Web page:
Trying to clean out your ears with small items like cotton swabs, bobby pins, or napkin corners may seem like a good idea at the time, but you may end up forcing the wax deeper into the canal or even damaging the ear canal or eardrum.

You may have heard claims that ear candling might also be a good solution, but according to the American Academy of Audiology, there is no evidence of this.

In studies performed, measurements taken in the ear canals before and after candling showed no reduction in earwax. In fact, in some cases, it was the other way around.

Researchers discovered there was even more wax in the ears because the candles deposited wax in the canals.

The Best Solution

The best solution is to let us perform an ear lavage (ear cleaning). Not only is it safer, but sometimes your symptoms don’t have anything to do with wax build-up.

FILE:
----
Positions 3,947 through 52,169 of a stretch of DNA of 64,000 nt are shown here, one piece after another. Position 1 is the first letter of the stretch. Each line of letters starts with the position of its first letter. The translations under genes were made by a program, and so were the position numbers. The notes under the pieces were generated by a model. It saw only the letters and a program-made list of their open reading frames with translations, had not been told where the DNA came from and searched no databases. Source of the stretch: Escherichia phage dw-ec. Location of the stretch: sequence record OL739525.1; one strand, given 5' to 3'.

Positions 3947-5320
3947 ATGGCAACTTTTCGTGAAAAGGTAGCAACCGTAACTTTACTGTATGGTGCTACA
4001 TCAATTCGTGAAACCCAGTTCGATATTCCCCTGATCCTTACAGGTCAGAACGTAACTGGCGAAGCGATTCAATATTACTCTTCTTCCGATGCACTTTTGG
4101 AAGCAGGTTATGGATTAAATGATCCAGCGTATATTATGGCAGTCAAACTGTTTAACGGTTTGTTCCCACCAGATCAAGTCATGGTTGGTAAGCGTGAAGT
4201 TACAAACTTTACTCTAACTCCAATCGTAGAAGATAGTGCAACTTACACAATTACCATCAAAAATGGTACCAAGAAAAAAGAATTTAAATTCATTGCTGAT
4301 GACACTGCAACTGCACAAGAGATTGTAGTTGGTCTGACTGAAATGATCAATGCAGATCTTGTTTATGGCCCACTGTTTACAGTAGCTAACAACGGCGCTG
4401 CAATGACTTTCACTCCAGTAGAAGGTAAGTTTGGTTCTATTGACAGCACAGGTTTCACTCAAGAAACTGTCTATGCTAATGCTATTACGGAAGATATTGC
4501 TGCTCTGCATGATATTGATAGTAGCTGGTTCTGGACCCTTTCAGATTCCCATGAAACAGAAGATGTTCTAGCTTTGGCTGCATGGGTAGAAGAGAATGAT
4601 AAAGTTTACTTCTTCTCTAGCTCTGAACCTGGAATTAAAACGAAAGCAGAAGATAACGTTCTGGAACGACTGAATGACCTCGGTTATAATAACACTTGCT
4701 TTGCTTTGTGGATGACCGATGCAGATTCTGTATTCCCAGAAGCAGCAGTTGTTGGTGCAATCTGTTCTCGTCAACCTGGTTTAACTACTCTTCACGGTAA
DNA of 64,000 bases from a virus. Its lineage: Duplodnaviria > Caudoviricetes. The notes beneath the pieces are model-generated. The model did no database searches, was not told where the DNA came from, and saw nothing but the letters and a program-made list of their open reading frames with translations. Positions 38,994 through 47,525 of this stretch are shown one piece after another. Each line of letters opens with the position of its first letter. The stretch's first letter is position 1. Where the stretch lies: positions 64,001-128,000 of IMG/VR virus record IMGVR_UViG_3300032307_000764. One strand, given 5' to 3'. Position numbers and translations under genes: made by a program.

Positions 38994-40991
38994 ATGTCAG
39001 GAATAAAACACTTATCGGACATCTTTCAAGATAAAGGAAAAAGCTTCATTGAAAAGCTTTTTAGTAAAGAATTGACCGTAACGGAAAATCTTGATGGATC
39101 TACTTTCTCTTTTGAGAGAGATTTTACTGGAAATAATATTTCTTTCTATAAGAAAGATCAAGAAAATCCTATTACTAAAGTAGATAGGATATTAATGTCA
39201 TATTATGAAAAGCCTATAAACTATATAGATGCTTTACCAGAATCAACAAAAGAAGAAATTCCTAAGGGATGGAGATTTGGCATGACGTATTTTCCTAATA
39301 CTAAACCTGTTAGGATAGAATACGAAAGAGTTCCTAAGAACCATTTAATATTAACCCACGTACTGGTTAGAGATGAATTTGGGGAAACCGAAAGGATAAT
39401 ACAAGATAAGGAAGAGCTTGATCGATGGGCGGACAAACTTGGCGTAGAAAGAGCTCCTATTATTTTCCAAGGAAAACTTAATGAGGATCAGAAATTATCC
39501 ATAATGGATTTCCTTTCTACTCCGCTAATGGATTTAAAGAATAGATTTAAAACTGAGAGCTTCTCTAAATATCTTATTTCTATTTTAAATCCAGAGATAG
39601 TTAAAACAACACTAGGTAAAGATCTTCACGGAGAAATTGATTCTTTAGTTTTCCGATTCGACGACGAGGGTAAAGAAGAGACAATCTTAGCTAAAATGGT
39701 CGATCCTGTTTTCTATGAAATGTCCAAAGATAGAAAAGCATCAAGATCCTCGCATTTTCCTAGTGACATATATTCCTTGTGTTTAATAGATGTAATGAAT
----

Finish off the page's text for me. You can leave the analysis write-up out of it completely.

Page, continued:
There may be another underlying issue causing your problems. You won’t know this unless you visit us.

When you visit us for your appointment, we will talk with you about your symptoms and then examine your ear canal with an otoscope. If we see build up, then they will perform an ear lavage.

What is Ear Lavage

Ear lavage, also referred to as ear irrigation or wax removal, is an ear cleaning treatment in which a medical professional uses a syringe to irrigate the ear canal with water or a water-saline mixture.

The irrigation loosens compaction and removes any excess wax and debris. The procedure is simple, and we can perform it in the office during your appointment.